Jean-Claude Romand: a respectable doctor living in Prévessin near the French-Swiss border and working as a researcher at WHO in Geneva; conscientious member of the local community; loving father and husband. On 9 January 1993 Romand killed his wife, his two small children and his parents, and he tried to strangle his mistress. His suicide attempt failed, as did the fire engulfing the family home. This was the culmination of eighteen years of deceit and fabrication by a mild-mannered man who avoided drawing attention to himself, and it sent shockwaves of incredulity and terror throughout the world.
French novelist, screenwriter and director Emmanuel Carrère was fascinated by the murderer’s double life, but hesitated for six months before contacting him via his lawyer. His approach was to express interest in and deep compassion for the man, and to request an opportunity to connect in order to write a book, ‘to try to understand as much as possible of what happened’.
More than two years later – by which time Carrère was feeling disgusted by the tragedy of which Romand was ‘the agent and sole survivor’ – he received a pleasant and positive reply. And he found he couldn’t back down. So, when the police investigation and the psychiatrists’ reports were finalised and the trial commenced, Carrère took up a role as a journalist, observing the unfolding story of an ordinary man who went to unbelievable extremes to survive in a different reality from the majority of his fellow humans.
The carefully orchestrated and tightly woven web of untruths Romand built up around himself seem to have been prompted by a series of real events and influences. We discover that he was brought up both never to lie and to block out any bad news, and that his personality was shaped by religion, an inability to express emotions, a traditional and oppressive family environment, as well as the physical surroundings of the forbidding Jura Mountains. These rural roots conflicted with his cosmopolitan aspirations and seemed to create a sense of isolation and a fear of confrontation. Romand had found himself in a place of great loneliness and detachment, experiencing a profound feeling that his life had been wasted. But this apparent passivity was increasingly punctuated by outrageous lies aimed at attracting others’ attention, for example when he claimed he had cancer to gain sympathy.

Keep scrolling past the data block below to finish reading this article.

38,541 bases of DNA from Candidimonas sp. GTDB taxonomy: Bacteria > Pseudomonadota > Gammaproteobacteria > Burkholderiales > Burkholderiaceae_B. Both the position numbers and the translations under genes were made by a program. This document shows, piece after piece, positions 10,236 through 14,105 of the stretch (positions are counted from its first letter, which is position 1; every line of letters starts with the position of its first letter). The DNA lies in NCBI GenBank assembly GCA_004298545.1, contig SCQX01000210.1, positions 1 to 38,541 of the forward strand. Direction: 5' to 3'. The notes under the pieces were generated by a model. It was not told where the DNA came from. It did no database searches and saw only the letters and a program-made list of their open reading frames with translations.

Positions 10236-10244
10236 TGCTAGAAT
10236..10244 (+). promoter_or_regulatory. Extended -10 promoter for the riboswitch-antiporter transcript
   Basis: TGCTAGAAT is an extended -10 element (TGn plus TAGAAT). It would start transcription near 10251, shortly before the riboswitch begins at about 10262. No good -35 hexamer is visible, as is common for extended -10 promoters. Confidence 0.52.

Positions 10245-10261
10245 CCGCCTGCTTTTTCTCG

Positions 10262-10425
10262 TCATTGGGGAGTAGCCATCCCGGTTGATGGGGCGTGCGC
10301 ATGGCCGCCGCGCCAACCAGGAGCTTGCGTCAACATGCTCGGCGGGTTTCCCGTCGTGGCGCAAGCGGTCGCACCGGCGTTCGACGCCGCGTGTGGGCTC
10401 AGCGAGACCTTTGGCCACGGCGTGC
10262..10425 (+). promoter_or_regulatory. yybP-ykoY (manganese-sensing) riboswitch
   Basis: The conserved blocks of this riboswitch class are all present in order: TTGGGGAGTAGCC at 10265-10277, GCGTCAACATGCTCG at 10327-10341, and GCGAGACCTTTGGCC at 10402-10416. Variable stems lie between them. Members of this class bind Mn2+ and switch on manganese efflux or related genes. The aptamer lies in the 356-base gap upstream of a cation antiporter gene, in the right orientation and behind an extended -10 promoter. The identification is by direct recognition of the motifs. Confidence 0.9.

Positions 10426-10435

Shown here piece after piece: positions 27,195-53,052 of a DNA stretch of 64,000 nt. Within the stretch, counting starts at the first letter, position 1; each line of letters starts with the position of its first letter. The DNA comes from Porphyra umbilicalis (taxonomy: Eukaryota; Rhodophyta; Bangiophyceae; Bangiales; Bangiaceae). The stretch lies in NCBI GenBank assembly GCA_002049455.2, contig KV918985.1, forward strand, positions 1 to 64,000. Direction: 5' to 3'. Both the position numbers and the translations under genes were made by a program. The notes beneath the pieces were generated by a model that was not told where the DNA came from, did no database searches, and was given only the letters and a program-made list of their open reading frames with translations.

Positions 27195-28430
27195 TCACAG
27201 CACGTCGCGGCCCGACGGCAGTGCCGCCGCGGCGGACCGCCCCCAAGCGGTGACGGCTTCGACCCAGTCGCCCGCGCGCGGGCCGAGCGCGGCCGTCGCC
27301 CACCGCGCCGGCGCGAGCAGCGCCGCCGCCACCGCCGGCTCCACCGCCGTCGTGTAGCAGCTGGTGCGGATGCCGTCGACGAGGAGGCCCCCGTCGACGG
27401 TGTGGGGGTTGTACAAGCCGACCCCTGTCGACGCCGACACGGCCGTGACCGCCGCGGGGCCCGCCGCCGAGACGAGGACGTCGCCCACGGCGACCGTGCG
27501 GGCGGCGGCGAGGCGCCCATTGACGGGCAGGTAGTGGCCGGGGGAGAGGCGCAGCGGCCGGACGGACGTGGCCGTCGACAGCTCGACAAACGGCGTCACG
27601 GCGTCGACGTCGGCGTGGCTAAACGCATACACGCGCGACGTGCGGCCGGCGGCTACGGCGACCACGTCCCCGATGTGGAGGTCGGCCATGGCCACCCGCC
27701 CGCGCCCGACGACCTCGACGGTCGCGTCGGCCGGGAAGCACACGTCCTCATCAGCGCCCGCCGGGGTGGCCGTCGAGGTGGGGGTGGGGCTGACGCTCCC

Although it is possible to understand some of Romand’s actions, what is difficult to comprehend is how the people around him trusted him enough not to check how he spent his days and who his work colleagues were, and not to ask where his money came from. What is particularly baffling is how he managed to ‘compartmentalise’ his life so skilfully that he managed to sustain the fiction.
The Adversary: A True Story of Monstrous Deception, translated by Linda Coverdale and first published in 2001, had to wait until the next UK edition to be selected as a Book of the Year 2017 by The Sunday Times. It might seem surprising this recognition took so long, especially as the original book propelled its author into the international arena, and the novel was the basis for the 2002 film The Adversary. But perhaps this generalised hesitation has something to do with Carrère’s own initial approach:
‘I immediately rubbed him the right way by adopting that note of pathetic and sympathetic gravity and by seeing him not as someone who had done something horrific but as someone to whom something horrific had happened, the unfortunate toy of diabolic forces’.
It can be argued that the author’s role is always to create fiction, even when dealing with fact, as this passage seems to demonstrate. And perhaps this is the reason why the mesmerising prose of the book is so unsettling and uncomfortable. As Romand himself states: ‘The social part was false, but the emotional part was true’.
Thus moral ambiguity prevails – surrounding both the writer and the monster who is his subject.
Reviewed by Ewa Sherman
THE ADVERSARY: A TRUE STORY OF MONSTROUS DECEPTION
Written by Emmanuel Carrère
Translated from the French by Linda Coverdale
Published by Vintage (2017)
Ewa Sherman is a writer, translator and critic. She studied Polish Literature and Language, and Law, and worked with the Polish media. She’s translated several books of sonnets written by her mother Krystyna Konecka from Polish to English.
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